Christian Slater | A Ceaseless Twinkle, A Homeward Bound Heart

Via Issue 192, Gettin' Around

Written by

Gregg LaGambina

Photographed by

Kurt Iswarienko

Styled by

Dolly Pratt

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The tulips along Park Avenue pop like mute fireworks of red and orange against the backdrop of a sky so blue, it looks carefully painted like the ceiling of a cathedral. A brief memory of winter floats by on the cool air in a flurry of white and pink petals from a nearby cherry blossom tree.

The sidewalks are crowded with parents and baby strollers and dogs that might be smiling. It’s April and New York City is in full bloom.

“Did you see it? Unbelievable.”

Christian Slater isn’t talking about the weather. He’s talking about the Knicks. Tugging on the brim of his orange and blue cap—purchased at Madison Square Garden the night before— Slater is still animated with the glee he felt watching the Knicks make an improbable comeback in a playoff game against the Philadelphia 76ers, scoring eight points in less than 30 seconds to win the game.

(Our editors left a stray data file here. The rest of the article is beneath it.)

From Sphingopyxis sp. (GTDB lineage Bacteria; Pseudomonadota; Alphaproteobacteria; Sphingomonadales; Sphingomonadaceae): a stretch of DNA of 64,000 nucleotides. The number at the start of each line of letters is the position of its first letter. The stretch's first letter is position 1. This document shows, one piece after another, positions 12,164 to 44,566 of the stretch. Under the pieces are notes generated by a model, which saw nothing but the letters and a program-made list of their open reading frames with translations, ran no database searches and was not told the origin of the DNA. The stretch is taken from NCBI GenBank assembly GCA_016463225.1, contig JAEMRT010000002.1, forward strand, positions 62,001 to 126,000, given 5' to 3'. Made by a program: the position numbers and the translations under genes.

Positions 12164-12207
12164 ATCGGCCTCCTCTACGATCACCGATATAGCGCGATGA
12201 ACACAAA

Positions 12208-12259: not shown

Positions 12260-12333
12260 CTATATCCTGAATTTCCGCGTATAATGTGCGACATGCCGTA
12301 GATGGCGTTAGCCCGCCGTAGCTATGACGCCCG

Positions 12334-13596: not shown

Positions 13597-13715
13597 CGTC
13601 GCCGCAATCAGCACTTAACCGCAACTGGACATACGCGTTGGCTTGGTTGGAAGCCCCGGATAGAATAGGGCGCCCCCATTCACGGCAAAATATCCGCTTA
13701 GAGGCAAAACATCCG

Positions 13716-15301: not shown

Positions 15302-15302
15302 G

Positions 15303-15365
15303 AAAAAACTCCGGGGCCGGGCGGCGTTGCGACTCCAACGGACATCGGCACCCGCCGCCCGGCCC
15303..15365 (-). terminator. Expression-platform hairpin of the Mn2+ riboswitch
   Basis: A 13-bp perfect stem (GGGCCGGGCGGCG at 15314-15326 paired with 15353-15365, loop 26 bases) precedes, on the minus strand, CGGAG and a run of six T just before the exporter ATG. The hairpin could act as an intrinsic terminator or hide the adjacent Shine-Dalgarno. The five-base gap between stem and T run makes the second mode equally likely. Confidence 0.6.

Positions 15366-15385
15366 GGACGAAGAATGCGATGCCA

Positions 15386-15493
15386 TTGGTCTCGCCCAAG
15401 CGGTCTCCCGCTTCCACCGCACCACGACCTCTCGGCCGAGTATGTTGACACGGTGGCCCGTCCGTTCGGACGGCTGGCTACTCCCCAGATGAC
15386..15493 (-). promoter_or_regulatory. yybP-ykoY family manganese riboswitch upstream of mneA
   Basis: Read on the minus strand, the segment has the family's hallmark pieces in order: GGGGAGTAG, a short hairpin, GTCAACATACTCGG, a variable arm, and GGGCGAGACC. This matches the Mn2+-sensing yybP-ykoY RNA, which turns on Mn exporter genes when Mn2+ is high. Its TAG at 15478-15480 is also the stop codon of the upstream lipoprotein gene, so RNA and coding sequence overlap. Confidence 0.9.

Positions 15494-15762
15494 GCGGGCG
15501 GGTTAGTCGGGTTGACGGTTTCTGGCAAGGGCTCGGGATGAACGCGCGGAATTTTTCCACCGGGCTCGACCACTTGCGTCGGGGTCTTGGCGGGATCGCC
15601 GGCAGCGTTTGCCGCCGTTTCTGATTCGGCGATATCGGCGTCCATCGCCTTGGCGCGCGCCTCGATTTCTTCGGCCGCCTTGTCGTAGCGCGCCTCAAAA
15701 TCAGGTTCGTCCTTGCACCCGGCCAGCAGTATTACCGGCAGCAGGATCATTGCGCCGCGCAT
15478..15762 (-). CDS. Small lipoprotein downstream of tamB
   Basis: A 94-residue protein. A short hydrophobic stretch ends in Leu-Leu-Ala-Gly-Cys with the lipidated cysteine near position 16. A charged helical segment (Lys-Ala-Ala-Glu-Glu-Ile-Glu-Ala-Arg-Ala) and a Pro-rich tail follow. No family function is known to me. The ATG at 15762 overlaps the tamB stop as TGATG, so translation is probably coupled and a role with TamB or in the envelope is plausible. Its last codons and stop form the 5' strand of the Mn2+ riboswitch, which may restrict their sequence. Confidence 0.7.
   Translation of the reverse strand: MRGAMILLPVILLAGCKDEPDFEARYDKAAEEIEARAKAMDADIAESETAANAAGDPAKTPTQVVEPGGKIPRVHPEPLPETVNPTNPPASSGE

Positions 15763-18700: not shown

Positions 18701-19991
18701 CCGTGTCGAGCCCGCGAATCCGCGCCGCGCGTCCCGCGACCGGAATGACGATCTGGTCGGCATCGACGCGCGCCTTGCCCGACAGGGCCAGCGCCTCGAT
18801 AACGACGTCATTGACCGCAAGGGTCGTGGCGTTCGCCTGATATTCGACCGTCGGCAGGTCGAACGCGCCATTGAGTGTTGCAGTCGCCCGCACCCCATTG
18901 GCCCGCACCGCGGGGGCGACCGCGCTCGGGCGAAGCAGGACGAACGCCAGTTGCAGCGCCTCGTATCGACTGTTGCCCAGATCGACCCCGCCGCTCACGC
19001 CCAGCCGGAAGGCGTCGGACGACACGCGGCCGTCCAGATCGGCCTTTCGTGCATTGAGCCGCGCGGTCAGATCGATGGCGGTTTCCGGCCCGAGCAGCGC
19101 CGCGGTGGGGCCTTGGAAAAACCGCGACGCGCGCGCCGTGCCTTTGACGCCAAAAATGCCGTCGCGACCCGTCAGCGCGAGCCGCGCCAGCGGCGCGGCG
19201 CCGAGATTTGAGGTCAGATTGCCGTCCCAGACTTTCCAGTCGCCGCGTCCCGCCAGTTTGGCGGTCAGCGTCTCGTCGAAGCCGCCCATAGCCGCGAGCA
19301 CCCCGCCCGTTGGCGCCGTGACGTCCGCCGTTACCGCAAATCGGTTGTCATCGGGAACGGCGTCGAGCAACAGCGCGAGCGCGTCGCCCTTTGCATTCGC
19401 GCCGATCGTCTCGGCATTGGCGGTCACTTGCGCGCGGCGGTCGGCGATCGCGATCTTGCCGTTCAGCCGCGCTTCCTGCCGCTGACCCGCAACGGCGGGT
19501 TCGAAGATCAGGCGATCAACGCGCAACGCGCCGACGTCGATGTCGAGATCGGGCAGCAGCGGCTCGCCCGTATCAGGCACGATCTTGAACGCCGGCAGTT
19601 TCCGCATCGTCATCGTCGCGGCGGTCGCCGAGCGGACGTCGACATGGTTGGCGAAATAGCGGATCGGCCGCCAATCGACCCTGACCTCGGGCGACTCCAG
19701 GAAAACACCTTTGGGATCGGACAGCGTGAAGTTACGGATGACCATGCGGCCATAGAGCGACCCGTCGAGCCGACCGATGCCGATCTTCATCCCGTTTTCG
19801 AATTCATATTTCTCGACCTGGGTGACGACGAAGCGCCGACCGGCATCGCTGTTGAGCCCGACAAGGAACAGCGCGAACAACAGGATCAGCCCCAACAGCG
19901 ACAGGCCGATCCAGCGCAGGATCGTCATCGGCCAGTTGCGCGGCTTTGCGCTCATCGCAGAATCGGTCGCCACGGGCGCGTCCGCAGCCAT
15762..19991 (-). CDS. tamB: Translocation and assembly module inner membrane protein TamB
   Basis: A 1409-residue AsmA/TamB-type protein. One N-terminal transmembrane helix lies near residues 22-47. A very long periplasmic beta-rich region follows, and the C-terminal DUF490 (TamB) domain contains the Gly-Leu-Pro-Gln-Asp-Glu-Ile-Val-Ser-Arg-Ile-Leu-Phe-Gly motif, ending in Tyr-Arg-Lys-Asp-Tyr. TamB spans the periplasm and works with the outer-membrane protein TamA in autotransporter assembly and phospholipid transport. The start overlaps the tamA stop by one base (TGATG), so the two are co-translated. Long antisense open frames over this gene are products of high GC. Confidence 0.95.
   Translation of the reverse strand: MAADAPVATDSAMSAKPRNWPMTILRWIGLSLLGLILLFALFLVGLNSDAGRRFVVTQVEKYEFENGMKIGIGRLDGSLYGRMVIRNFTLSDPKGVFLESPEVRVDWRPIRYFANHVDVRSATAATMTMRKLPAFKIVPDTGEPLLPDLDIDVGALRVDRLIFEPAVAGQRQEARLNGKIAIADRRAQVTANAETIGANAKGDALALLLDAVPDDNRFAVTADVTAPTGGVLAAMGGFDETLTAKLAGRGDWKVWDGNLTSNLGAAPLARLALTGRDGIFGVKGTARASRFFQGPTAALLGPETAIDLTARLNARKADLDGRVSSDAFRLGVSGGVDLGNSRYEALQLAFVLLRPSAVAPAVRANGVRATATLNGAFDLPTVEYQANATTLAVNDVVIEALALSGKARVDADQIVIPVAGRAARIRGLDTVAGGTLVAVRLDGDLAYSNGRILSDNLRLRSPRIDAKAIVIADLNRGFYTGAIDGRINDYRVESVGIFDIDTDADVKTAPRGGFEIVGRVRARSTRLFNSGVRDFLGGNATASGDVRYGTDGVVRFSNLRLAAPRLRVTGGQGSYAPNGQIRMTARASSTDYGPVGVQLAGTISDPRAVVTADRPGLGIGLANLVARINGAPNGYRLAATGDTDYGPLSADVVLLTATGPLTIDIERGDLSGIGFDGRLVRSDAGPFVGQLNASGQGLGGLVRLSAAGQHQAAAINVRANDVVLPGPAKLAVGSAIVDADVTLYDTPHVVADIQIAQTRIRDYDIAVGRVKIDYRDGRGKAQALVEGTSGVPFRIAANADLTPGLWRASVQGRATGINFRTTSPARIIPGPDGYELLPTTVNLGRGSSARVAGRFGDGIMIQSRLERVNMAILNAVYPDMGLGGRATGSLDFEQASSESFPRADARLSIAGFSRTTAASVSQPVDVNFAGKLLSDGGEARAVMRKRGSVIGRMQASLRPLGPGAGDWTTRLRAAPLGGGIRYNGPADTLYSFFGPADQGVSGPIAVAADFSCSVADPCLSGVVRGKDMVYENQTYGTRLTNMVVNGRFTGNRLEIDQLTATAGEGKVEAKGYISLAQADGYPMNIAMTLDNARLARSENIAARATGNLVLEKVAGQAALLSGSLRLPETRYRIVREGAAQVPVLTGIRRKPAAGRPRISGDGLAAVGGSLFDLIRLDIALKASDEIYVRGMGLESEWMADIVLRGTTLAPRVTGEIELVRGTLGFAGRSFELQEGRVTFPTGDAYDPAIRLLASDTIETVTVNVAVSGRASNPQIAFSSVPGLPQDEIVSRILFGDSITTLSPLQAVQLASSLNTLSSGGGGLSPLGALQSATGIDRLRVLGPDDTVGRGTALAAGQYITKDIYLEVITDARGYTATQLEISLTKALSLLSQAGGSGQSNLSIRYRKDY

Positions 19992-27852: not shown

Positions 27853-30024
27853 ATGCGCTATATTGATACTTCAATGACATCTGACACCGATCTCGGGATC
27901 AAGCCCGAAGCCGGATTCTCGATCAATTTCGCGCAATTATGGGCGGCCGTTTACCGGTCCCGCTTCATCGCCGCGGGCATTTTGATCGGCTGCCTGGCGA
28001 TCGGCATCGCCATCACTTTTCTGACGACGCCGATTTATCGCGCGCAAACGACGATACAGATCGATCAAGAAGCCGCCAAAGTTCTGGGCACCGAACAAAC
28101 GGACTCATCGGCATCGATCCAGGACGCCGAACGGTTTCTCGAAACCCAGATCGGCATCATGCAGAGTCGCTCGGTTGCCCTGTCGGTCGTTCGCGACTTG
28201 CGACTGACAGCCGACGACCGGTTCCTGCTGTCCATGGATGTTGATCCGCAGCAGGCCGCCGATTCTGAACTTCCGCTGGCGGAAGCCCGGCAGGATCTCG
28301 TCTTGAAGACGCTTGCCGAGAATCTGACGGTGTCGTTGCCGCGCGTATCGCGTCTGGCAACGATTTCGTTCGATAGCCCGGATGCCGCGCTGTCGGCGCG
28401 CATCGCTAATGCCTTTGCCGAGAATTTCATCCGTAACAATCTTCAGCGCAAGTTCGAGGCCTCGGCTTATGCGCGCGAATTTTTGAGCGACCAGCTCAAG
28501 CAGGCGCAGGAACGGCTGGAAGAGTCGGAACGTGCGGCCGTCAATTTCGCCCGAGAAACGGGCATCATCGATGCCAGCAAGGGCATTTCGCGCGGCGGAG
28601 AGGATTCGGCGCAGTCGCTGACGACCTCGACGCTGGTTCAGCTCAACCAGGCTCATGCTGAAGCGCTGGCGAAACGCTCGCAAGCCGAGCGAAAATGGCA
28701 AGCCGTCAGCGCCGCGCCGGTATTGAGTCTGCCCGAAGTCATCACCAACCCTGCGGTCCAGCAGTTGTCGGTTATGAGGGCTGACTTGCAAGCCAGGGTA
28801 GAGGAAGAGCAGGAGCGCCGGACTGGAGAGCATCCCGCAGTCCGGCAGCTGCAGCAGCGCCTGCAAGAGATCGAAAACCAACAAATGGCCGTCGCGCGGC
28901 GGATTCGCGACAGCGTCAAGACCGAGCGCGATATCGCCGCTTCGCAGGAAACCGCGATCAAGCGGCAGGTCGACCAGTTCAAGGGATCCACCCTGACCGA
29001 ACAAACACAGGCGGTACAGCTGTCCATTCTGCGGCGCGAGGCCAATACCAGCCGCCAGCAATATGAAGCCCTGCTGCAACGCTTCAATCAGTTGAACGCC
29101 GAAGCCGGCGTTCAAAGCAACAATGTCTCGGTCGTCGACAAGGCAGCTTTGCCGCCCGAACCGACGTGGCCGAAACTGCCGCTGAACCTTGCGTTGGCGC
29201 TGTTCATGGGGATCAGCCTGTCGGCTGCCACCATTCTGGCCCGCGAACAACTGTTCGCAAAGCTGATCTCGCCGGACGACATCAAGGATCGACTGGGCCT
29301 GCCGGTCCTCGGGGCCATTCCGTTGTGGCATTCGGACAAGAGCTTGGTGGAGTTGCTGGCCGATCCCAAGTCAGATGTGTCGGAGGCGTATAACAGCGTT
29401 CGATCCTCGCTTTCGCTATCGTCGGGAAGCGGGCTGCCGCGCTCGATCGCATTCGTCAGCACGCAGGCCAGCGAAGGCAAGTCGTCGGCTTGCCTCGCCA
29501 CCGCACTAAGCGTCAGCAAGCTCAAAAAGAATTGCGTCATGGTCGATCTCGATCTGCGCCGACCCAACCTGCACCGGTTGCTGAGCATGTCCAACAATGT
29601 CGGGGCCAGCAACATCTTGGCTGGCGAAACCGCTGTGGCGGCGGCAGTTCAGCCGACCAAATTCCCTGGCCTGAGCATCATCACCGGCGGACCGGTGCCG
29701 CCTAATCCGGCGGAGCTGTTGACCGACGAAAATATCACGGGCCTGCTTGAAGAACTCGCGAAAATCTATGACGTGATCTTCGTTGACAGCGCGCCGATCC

“I’ve never seen anything like it! I’m a fan for life now.”

A similar utterance was likely heard in the lobby of any theater brave enough to screen the pitch-black high school murder-suicide comedy Heathers—in which he co-starred with then-flame, Winona Ryder—at the onset of the 1990s. With that one performance, Slater burst onto the scene with such charismatic force, he didn’t just manage to survive an onslaught of ceaseless and unimaginative comparisons to his idol (Jack Nicholson), he crashed through them. By the end of the decade, Slater had cemented his own unique persona into the pantheon of our most beloved actors by sheer force of personality and the willingness to work, a lot.

VERSACE jacket, shirt, pants, and shoes and talent’s own sunglasses.

With a string of films from the still underrated and still underseen Pump Up the Volume (1990) to the Quentin Tarantino-scripted, Tony Scott-directed True Romance (1993), and his performance alongside such heavyweights as Tom Cruise and Brad Pitt in 1994’s Interview with the Vampire, Slater became a bona fide Hollywood star at last, with a signature style, comparisons be damned. With an arched eyebrow and his breathless existential soliloquies, Slater was arguably an early pioneer of the emerging “everything is bullshit” Gen X gospel that would come to define the decade. To this day, when he wants to, he can still summon that voice, in a silver-tongue delivery that could inspire an actual angel to commit crimes.